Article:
Debating News | Year 9 ISDA Report

This week the Year 9 ISDA debating team has managed to pull off a close win against a tough opponent, Riverview College. The Trinity team managed to pull through with the topic “That we should mandate that a percentage of foreign aid should be spent on environmental projects”, with Trinity arguing the affirmative case. In the prep room, the Trinity team managed to pull together a concise case which aimed to stop any potential arguments from Riverview, with N. Ayoub (9Fo) thinking of great points and helping to find the issue of the debate at hand. 

Trinity opened the debate strongly with first speaker A. Stone (9Ho) who brought up some crucial key points on the benefits this would bring to outside and inside of urban environments. He also presented our model that ultimately allowed us to win – that we would have a 7% mandate on environmental projects that would be taken from military funding, it was hoped that this would be implemented in the next 3-5 years. This was followed by little opposition from Riverview bringing out the point of how humans are more important than nature. Second speaker K. Suri (9Yo) continued strongly with strong rebuttal towards opposing points stating clearly in his points that the benefits of such a plan would benefit both humans and the environment in the long run. He also brought out key points on the issues of third world countries and a brief solution on first world countries. Third speaker J. Fung (9Ke) brought out mistakes and weighed up the costs of the debate judging that, with the current model we have proposed our side would be the better side for the win. The debate was finally closed by Riverview’s third speaker. 

Despite the win, the team has much to learn; we hope we can achieve this through further training and debates. The team should take the advice given (such as addressing points earlier with more clear and thorough rebuttals, along with improvements in the model to cater towards a wider range of stakeholders) to heart and should humble ourselves with the win. We must prepare ourselves for future challenges in the ISDA competition as we continue to face challenging schools and opponents.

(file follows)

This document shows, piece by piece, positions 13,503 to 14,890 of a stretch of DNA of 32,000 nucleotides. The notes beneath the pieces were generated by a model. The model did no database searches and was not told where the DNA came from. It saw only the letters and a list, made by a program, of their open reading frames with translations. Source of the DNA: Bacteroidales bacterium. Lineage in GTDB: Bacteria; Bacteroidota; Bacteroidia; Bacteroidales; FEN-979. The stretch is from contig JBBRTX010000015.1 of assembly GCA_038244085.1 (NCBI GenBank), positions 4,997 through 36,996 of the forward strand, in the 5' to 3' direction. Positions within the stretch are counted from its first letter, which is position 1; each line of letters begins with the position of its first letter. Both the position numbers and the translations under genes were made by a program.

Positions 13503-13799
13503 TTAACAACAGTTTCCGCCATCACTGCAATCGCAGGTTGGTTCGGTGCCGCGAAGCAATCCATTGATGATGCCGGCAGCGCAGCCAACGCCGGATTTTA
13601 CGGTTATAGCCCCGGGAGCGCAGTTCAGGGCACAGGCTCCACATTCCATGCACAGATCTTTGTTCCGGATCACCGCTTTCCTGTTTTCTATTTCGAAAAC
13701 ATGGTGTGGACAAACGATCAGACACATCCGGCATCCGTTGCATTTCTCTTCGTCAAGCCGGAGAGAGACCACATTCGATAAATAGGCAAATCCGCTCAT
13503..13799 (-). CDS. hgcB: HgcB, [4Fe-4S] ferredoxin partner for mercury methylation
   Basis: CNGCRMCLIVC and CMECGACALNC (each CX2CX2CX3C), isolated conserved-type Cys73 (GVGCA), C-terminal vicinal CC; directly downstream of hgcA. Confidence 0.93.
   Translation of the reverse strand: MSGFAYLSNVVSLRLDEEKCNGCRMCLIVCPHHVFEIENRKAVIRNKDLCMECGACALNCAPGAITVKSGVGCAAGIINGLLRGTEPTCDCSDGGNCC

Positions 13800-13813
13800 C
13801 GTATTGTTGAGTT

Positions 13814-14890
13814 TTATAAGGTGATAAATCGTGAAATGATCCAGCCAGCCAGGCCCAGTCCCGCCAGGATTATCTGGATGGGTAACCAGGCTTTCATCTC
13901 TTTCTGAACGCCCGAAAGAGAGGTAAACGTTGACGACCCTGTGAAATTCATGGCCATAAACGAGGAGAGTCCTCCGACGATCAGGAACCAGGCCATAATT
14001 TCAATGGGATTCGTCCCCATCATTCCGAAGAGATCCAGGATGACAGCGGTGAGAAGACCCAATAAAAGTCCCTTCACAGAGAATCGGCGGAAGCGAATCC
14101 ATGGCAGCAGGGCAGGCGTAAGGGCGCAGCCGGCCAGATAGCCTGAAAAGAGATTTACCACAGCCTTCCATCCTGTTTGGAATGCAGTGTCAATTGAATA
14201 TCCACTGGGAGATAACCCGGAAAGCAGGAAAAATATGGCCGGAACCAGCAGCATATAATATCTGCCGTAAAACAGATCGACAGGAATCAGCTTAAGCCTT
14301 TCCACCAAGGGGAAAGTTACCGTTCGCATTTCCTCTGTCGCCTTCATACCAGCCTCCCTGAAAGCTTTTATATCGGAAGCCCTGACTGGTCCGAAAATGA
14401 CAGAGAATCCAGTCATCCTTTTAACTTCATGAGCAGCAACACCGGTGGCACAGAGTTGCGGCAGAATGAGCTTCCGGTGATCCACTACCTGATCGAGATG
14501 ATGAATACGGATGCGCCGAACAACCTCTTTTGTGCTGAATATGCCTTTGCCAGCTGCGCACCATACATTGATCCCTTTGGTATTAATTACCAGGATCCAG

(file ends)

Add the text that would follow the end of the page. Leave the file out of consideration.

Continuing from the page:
J. Fung (9Ke)

Year 8 ISDA Report

On Friday the 5th of March, the ISDA Year 8 Team, consisting of M. Padmore (8Mu) as 1st speaker, E. Ciarroni (8WJ) as 2nd speaker, C. Ciarroni (8WJ) as 3rd speaker, and D. Lok (8Ke) as 4th speaker was up against Riverview’s strong ISDA team. We debated on the topic “That regardless of the current COVID-19 pandemic, Australian families should choose to holiday domestically, rather than overseas.” Starting off the debate we, as the affirmative team, proposed an International Travel Tax, and a strong advertising campaign to holiday in our own very own backyard, boosting the economy and helping raise awareness and protect our pristine environment. The opposition brought up the point of cultural awareness that can only be attained through international travel, which was swiftly rebutted by our expert 2nd and 3rd speakers. All in all, we ended in a strong victory, winning two out of the three main issues the adjudicator brought forward, and narrowly missing the third. One area we could improve on is explaining our arguments in greater depth, something we will continue to develop throughout the season.

M. Padmore (8Mu)

Senior B FED Debating Report 

Last week, on Friday, March 5, Trinity competed in an intense debating round against St. Aloysius’ College. In the F.E.D. (Friday Evening Debating) Competition, I was in a team with J. Yang (12Ke), V. Iyer (11WJ) and A. Berg (11Fo) as we argued a challenging but detailed topic regarding whether ‘Parents, instead of Doctors, should be responsible for their child’s healthcare’. Our side raised many strong and valid points, ranging from religious and moral to secular standpoints, including ‘Ryan’s Rule’ and how this once-off instance set a precedent that would be reflected in government legislation. Despite all of this, the opposition came ahead by presenting a good model and also a variety of well-organised rebuttals to undermine our case. Some of the things to work on for next week would include preparing a more robust model and also more substantial arguments that would be harder to rebut. These key steps will undoubtedly assist us in winning any upcoming debates.

J. Bettar (11St)

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